13 lessons learned from taking 8 AWS certification tests in 4 weeks

Posted on July 02, 2020 in aws

13 lessons learned from taking 8 AWS certification tests in 4 weeks

It was mostly painful. Herein follows a compression algorithm for experience.

Pexels pexels-photo-207691 credit Pixabay

13 lessons learned from taking 8 AWS certification tests in 4 weeks

It was mostly painful. Herein follows a compression algorithm for experience.

1. The AWS training ecosystem is a hot mess of different websites and flaky SSO protocols. Be prepared to login several times. Your amazon.com account is used, not your AWS account, for … reasons. Your entry point is https://aws.training/. ¯\_(ツ)_/¯

2. You can schedule “At Home Alone” AWS certifications via PearsonVue. (Entry point listed above). This requires waving away any privacy you had left and installing their super-pervasive “Online Proctoring” software. Nothing to see here.

3. If you take the $90 cloud practitioner exam, and then pass said exam, you get a 50% voucher for the $300 exams. Bonus. Every time you pass an exam you get another 50% bonus. Just like Fortnite.

4. I failed an exam because I was in the remote boondoggles and tethered to LTE. My connection dropped. I couldn’t reconnect to the exam because I had neglected to make a note of the magic “Exam Access Code”. The exam timed out. I failed.

5. Once, the super-pervasive online Eye of Foucault proctoring system kicked in and a voice spoke at me, like the disembodied voice of the Almighty. “Thou shalt not vape!” came the commandment. Oh, ok then…

Did I mention that the EULA for these exams claim you have “no right to privacy”? IANAL but hell no, that can’t be right!

6. Once the voice of the Almighty again startled me with the commandment: “Thou shalt not rest thy head on thy hand!”. Oh, ok then…

7. There is an online chat window. Oftentimes, more than one! I once had 4 different agents (real people!) vying for my attention. I think there is a little unhealthy competition going on behind the scenes.

8. Before taking these tests a little Elven helper may wish to speak to you via the power of the internet. I’ve heard all of the items on their checklist now I think:

  • Show me your glasses, FRONT and BACK
  • Are you wearing a watch?? SHOW ME YOUR NEKKID WRISTS!
  • Do I spy writing implements on your desk? WRITING IMPLEMENTS! REMOVE THEM!!
  • I can’t verify your passport photo is actually you. Go back to start, do not collect $200
  • Is this a fake passport? Are you sure?
  • Is that monitor unplugged? Show me the PLUG!
  • Take your webcam and show me a WIDE ANGLE view of your desk.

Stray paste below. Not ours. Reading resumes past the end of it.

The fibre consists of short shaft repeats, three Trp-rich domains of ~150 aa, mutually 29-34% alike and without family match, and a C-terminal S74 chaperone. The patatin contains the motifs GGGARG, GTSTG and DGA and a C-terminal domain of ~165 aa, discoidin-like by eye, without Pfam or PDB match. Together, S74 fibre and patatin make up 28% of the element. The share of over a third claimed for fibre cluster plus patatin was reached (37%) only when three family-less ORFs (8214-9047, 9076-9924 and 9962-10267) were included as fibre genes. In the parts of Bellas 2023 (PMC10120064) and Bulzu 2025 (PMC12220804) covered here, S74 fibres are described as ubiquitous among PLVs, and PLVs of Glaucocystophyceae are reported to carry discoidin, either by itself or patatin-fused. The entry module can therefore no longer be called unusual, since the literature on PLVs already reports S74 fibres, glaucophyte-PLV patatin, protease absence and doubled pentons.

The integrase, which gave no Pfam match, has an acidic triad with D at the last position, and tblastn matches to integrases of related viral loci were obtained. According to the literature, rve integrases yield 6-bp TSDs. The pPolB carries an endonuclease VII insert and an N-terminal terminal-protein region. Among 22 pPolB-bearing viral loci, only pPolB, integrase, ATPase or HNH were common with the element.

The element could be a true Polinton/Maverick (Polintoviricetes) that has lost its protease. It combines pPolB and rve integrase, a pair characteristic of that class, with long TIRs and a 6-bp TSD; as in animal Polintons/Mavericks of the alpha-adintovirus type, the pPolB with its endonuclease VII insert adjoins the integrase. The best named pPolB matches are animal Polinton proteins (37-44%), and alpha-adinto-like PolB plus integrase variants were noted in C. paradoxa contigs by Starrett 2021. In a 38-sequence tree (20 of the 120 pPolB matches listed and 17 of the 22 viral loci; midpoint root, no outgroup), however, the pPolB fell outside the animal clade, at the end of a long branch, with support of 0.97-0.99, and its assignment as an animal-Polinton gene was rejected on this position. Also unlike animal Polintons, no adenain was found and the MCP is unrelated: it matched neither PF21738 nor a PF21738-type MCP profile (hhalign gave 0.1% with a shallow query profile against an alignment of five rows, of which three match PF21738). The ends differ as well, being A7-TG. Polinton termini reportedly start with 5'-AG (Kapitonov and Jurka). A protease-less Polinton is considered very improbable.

Just like going through border control — grin and bear it. There is no point in arguing with the checklist.

9. I failed an exam once because I was so super happy to see the words “PASS” after 120 minutes of brain wracking trick questions, I got up and went for a celebratory walk. I did not press the button labeled “End Exam”. Therefore I did not complete the exam. Therefore it timed out and I failed. Bummer, yeah…

10. The bizarre ecosystem of third parties and subcontractors takes at least a day, up to 5 days, to update all the systems with the correct scores and achievements. This is “just how it is” and we accept it because we can’t change it.

11. The “AWS Certified Merchandise Store” has questionable merchandise at inflated prices. I was hoping for an engraved glass hologram or something super-sweet like that. Nopes.

12. Being certified is not the same as being competent. I’m now certified to do all kinds of tasks for which I would hire someone with more experience to do.

13. I don’t recommend anyone slogging through the course work for “Advanced Networking Specialty” unless tuning iBGP routers and configuring IPSec VPN tunnels is your passion. I would like to reclaim my time on that one.

Bonus 14. Oh yeah, there is a website for collecting pre information — mainly pictures. If you get to the final page and it fails to progress — don’t be afraid to restart the process with the same magic exam code. It retains your pictures and the process now completes.

Post Script

In all though, it was totally worthwhile. I really learned a ton of stuff, oftentimes mysteries were solved and puzzles unlocked. I explored concepts and technologies not specific to AWS necessarily, and often times widely applicable to any vendor or technology stack.

I recommend taking these courses and trainings and going through with the certifications.